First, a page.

Oct 1st, 2018
Plastic packaging on beer cans
By Becca McCarthy
If you ever needed proof that we can make multi-billion pound companies listen to the public and tackle the plastic pollution currently engulfing our planet… this is it.
Earlier this month Walkers, the UK’s biggest crisp manufacturer, announced the world’s first national recycling scheme for plastic crisp packaging.  It’ll mean millions less crisp packets going to landfill or washing up on our beaches. And it only happened because hundreds of thousands of people piled on the pressure with a huge campaign to get Walkers to do their bit to combat plastic waste. 
But our plastic pollution crisis isn’t caused by crisp packets alone.  There is still a lot to do to force huge companies to change their ways. That’s why 38 Degrees member Imogen set up a petition urging the UK’s big beer manufacturers to ditch the plastic rings that hold cans together.
Will you take 30 seconds to join Imogen and sign the petition – it could be the next people-powered victory in the fight against plastic pollution:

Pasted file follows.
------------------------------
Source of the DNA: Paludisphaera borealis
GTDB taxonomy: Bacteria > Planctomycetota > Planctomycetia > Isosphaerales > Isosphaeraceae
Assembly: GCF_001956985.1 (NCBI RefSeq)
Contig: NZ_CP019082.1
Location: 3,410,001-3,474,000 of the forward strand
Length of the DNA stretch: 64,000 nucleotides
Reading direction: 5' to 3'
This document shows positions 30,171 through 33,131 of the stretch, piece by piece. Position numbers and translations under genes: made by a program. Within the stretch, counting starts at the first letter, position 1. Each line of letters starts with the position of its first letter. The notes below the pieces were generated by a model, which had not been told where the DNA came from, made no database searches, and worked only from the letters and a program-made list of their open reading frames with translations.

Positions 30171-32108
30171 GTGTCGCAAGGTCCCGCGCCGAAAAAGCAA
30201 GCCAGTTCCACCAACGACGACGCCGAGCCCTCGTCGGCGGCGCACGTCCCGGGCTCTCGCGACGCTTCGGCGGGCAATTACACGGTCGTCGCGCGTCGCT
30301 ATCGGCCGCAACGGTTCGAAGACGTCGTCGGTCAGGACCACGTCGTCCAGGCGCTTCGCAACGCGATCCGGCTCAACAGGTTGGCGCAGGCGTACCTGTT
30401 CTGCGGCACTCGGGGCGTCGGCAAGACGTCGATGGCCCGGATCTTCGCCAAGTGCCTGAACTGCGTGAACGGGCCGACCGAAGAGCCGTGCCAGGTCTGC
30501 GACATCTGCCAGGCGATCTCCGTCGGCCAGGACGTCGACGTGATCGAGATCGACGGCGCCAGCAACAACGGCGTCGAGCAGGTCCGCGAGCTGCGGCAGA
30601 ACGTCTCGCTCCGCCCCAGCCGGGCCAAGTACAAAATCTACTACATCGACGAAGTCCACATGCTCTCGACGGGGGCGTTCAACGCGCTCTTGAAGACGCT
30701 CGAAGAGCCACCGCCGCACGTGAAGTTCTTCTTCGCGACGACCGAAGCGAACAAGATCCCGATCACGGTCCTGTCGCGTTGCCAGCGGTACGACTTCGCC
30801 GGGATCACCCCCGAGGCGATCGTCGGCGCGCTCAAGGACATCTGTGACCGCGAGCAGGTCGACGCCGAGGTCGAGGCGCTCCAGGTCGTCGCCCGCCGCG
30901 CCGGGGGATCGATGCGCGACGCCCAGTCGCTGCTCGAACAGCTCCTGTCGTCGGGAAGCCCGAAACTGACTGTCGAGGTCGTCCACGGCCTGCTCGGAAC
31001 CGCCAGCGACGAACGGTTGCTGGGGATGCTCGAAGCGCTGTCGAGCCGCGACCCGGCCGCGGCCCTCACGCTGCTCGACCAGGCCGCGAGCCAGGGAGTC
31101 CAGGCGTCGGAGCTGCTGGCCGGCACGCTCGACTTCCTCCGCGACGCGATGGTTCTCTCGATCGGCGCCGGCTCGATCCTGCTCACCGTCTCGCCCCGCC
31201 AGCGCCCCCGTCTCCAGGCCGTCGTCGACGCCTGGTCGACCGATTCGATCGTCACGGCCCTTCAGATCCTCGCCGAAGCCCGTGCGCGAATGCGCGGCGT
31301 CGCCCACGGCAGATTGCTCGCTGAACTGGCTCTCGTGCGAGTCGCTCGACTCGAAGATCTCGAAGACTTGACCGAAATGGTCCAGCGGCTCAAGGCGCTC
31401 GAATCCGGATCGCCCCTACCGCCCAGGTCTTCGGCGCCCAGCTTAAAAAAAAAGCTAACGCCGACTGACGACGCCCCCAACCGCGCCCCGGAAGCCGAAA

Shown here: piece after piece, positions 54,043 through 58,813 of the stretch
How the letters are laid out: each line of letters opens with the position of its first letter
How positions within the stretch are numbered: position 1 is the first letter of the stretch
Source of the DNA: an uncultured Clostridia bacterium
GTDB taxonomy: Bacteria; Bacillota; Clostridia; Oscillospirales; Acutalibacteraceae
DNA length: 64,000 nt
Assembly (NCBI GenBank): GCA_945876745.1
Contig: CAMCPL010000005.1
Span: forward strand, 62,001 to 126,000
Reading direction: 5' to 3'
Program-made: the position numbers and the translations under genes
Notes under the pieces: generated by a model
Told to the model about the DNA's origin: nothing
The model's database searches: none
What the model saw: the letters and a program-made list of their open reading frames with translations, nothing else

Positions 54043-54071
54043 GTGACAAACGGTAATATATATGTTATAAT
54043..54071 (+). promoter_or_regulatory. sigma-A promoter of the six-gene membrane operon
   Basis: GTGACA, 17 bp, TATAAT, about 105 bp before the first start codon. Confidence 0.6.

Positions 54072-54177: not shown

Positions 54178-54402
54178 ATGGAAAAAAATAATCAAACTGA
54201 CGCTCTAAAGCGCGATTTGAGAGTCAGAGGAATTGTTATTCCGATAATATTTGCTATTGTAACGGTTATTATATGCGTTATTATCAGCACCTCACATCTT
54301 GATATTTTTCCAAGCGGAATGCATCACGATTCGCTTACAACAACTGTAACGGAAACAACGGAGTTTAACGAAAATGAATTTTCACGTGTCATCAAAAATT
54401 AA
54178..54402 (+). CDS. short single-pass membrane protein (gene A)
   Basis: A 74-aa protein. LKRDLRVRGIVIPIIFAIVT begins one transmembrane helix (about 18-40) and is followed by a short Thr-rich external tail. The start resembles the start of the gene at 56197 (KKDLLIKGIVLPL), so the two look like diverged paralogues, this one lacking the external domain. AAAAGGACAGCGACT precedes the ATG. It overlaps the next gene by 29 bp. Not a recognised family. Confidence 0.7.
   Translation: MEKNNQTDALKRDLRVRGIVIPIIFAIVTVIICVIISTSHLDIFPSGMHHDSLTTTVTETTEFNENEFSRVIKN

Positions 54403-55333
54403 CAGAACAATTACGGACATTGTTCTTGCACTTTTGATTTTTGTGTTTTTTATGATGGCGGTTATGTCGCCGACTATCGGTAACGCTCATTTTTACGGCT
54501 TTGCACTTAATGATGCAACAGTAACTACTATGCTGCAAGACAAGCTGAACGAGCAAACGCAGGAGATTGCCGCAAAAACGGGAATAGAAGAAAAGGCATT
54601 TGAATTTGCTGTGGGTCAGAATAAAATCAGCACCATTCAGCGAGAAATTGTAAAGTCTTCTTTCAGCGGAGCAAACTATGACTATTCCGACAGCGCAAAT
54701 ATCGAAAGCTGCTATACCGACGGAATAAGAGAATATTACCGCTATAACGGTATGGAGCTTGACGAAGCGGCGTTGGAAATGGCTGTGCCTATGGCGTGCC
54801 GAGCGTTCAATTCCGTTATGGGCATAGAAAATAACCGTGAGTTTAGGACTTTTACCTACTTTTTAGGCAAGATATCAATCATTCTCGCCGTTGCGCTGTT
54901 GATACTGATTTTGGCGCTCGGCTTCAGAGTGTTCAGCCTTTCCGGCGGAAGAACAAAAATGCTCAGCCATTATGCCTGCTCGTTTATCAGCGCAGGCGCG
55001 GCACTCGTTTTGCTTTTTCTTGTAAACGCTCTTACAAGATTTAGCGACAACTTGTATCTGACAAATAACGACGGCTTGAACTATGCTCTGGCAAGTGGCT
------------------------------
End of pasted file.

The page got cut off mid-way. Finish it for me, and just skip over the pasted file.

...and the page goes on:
Plastic rings from beer and cider cans are littered everywhere – from our parks to our rivers and beaches. They can harm or even kill birds and fish, and together add up to thousands of tonnes of plastic waste. 
The worst thing is – there’s a simple solution: get the biggest beer and cider companies to ditch the plastic rings. There are alternatives ready and waiting – Carlsberg just announced they’ll use recyclable glue instead and Thatchers Cider replaced rings with cardboard packaging. 
If thousands of people signed a petition we could pressure other beer giants to ditch plastic for good. It took 330,000 people campaigning together to force Walkers to act, it’ll take just as many to force the big beer companies to sit up and listen.
 BBC News: Walkers crisp packets recycling scheme announced:
 38 Degrees: Walkers announce a new recycling scheme for crisp packets!:
The Guardian: Walkers answers critics with launch of UK crisp packet recycling plan:
 Daily Mail: How the relentless plastic tide is taking its toll on wildlife of the Arctic: Shocking images show reindeer, polar bears and seals tangled in nets and ropes:
 National Geographic: Are Plastic Six-Pack Rings Still Ensnaring Wildlife?:
 Telegraph: Carlsberg glues beer cans together becoming one of the first breweries to abandon plastic rings:
Thatchers Cider: Thatchers eliminates plastic ring carriers: